What does your project really look like? Do you see what your customers see?
When you arrive at a hotel what do you think when you see paint flaking from the building and weeds growing in the sidewalk? Are you tempted to cancel your booking and walk away? You enter the lobby and the décor is old and faded – hey the beds could be comfy and the food good but you surely doubt the wisdom of checking in to this hotel and you might not stay long enough to sample either the beds or the food? And the more you see faults the more you start looking for faults. That check-in clerk better be quick and efficient or you’ll be adding that to your list of complaints. So too with our construction projects, customers and potential customers can be turned away by projects that look disorganized and appear unprofessional. When your client walks onto your project site what have they seen, what has offended them and are they already looking for other faults?
Have a look at your project from the outside in
When last did you take a good look at your construction project? Are you so rushed every day that you walk past things without noticing when they don’t look right? How do your customers, and potential customers, view your project? Yes, it’s important to finish the project on time and provide good service – but, this is only part of what’s required.
So let’s take a half hour this morning and view our project from the outside to the inside. Switch the phone off and really take the time to look. You may be surprised at what you’ve walked past every day without noticing!
Starting outside the project site:
While you’re looking outside the project site look for litter – often workers eat their lunch in their vehicles and discard their fast-food wrappers next to where they’re eating. Some tradespeople like a beer after work and then throw the empty bottles over the neighbor fence or leave them in neighboring gardens – certainly not good for neighborly relations. Irate neighbor may write letters to the local press which isn’t good for the company image. They may even contact your customer directly – which will certainly annoy your customer. Customers don’t like bad press and they certainly don’t like dealing with members of the public that their contractors have offended.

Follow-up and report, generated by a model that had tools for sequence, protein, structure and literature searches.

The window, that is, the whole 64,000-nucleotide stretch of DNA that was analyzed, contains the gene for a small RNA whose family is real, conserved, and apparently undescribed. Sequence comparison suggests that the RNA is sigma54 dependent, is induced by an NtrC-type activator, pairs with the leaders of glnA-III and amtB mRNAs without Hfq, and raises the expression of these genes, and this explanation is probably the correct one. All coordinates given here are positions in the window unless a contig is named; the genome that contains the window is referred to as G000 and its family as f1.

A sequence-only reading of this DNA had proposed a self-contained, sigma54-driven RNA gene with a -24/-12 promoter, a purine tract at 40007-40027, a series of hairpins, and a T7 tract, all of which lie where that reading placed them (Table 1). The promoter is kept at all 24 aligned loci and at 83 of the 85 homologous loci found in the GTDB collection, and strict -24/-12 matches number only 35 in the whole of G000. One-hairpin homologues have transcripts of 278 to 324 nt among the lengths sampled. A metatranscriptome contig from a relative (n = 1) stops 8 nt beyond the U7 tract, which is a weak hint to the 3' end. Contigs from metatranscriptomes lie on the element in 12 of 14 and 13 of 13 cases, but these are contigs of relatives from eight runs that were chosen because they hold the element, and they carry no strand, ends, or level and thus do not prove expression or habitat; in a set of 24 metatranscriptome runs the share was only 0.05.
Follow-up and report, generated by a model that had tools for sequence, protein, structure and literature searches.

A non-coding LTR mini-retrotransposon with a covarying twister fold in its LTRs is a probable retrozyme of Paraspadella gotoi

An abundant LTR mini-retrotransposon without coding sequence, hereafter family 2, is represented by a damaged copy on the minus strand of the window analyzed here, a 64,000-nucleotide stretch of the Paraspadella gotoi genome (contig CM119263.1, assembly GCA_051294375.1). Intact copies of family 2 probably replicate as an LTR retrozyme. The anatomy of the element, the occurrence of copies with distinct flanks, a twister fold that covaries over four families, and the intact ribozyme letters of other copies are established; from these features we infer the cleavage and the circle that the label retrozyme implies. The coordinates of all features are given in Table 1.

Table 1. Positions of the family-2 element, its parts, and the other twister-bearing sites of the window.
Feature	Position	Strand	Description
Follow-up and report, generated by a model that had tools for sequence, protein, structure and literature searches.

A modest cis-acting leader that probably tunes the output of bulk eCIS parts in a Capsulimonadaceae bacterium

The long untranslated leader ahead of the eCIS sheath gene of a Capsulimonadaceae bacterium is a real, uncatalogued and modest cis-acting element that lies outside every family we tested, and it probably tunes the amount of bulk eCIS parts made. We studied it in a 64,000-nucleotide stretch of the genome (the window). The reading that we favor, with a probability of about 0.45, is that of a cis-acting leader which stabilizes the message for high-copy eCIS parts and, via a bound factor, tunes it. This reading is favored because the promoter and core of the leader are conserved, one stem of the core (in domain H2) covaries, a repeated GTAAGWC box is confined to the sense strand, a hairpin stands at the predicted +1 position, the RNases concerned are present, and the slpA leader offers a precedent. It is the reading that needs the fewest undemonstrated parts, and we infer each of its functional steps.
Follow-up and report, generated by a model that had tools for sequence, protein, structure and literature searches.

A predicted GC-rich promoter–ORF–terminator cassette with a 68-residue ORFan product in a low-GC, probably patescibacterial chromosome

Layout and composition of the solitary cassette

Well we’ve had a good look at the project from the outside so let’s go in.
Don’t let your workers have to deal with disorganized stores and storage areas as it costs time and money. Consider what your customer will think if it appears that your company doesn’t cares for your equipment, and things are disorganized.
Finally let’s have a look at the work-site!
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© 2016 This article is not to be reproduced for commercial purposes without written permission from the author.
Copyright 2016 - The attached articles cannot be reproduced for commercial purposes without the consent of the author.
The opinions expressed in the attached articles are those of the writer. It should be noted that projects are varied and different laws and restrictions apply which depend on the location of the contractor and the project. It's important that the reader uses the supplied information taking cognisance of their particular circumstances. The writer assumes no responsibility or liability for any loss of any kind arising from the reader using the information or advice contained herein.
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